Chromecast Review

The new Chromecast has been an instant hit in the Kaufman house. I feel pretty comfortable telling everyone to buy one, with just two exceptions:

1. You already have an Apple TV or Roku. The Chromecast does have a bit of functionality neither of those has, but not enough in my mind to justify purchasing it.

2. You never watch YouTube or Netflix, in which case I would say to wait a few months and see what other apps start supporting it. While it does have a mirroring feature that lets you watch any video you see in your browser, the experience just isn’t nearly as fluid as it is in the supported apps. That said, I think it’s only a matter of time before most major content providers will be supporting the Chromecast.
Setting the Chromecast up is incredibly simple. Chances are, even that relative you’re always having to help with their computer will be able to figure this one out by themselves.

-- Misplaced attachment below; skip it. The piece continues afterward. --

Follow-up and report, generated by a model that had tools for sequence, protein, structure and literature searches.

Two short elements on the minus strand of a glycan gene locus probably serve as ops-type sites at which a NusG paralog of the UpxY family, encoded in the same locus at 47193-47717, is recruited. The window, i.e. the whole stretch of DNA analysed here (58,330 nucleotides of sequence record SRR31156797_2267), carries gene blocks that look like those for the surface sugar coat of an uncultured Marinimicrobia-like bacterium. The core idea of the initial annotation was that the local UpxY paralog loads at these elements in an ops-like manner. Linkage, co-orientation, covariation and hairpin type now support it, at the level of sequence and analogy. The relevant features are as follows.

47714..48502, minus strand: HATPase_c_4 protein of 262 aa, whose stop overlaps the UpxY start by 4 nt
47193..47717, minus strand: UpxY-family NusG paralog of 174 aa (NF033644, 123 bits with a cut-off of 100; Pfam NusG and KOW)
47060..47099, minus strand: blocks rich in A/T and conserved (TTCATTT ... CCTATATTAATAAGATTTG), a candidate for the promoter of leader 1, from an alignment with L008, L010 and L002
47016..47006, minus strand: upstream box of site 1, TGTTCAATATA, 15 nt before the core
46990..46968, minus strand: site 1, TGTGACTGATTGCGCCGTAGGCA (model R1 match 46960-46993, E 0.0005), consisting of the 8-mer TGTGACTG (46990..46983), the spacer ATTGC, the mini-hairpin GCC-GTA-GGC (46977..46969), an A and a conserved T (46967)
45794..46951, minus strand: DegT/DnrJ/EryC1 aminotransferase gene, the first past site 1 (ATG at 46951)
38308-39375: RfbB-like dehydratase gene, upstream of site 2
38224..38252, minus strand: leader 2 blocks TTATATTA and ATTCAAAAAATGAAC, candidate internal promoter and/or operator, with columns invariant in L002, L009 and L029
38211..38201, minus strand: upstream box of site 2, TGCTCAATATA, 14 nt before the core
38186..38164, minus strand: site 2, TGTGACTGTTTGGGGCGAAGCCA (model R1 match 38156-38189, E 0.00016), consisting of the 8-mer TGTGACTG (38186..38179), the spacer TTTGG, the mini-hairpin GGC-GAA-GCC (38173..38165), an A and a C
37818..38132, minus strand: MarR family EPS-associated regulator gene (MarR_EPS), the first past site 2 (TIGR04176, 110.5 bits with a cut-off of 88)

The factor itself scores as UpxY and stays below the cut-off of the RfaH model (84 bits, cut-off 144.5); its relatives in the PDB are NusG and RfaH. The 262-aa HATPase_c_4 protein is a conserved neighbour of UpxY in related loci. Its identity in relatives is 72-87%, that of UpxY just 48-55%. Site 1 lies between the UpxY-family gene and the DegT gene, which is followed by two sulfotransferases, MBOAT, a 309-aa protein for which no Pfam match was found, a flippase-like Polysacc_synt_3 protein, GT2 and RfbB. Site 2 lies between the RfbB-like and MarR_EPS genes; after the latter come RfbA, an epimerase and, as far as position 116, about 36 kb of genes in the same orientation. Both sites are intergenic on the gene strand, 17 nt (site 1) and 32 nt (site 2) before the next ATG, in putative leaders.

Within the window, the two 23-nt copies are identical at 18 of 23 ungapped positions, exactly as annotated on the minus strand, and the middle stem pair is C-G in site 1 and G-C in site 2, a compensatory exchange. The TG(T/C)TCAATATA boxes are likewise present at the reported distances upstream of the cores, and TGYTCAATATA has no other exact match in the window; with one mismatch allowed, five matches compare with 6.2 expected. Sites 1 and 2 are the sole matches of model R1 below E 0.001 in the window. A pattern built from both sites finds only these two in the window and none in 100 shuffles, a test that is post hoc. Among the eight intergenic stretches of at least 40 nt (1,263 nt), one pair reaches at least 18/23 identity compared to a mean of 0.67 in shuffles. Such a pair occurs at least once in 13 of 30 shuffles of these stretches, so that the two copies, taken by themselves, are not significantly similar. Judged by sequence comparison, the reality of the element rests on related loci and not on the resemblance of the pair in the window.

Once it’s plugged up, anyone on any device (iOS, Android, Windows) can just pop open their video app and push the little “cast” button. Instead of having to fish for several remotes to get a video my daughter requested playing on the TV, I just pull my phone out, and in a couple seconds there’s a happy little Viv watching Shaun the Sheep in all it’s claymated glory.

Something I didn’t think about before I started using it was how handy it would be when you have guests. How many times has someone been at your house and told you that you’ve just got to see this new video clip? Then everyone huddles around their phone and tries to make out what’s happening on the tiny screen. With the Chromecast you just tell them to push the “cast” button that’s already in their YouTube app, and everyone can watch on the big screen. Honestly, this is almost worth $35 by itself if you have guests at your house regularly.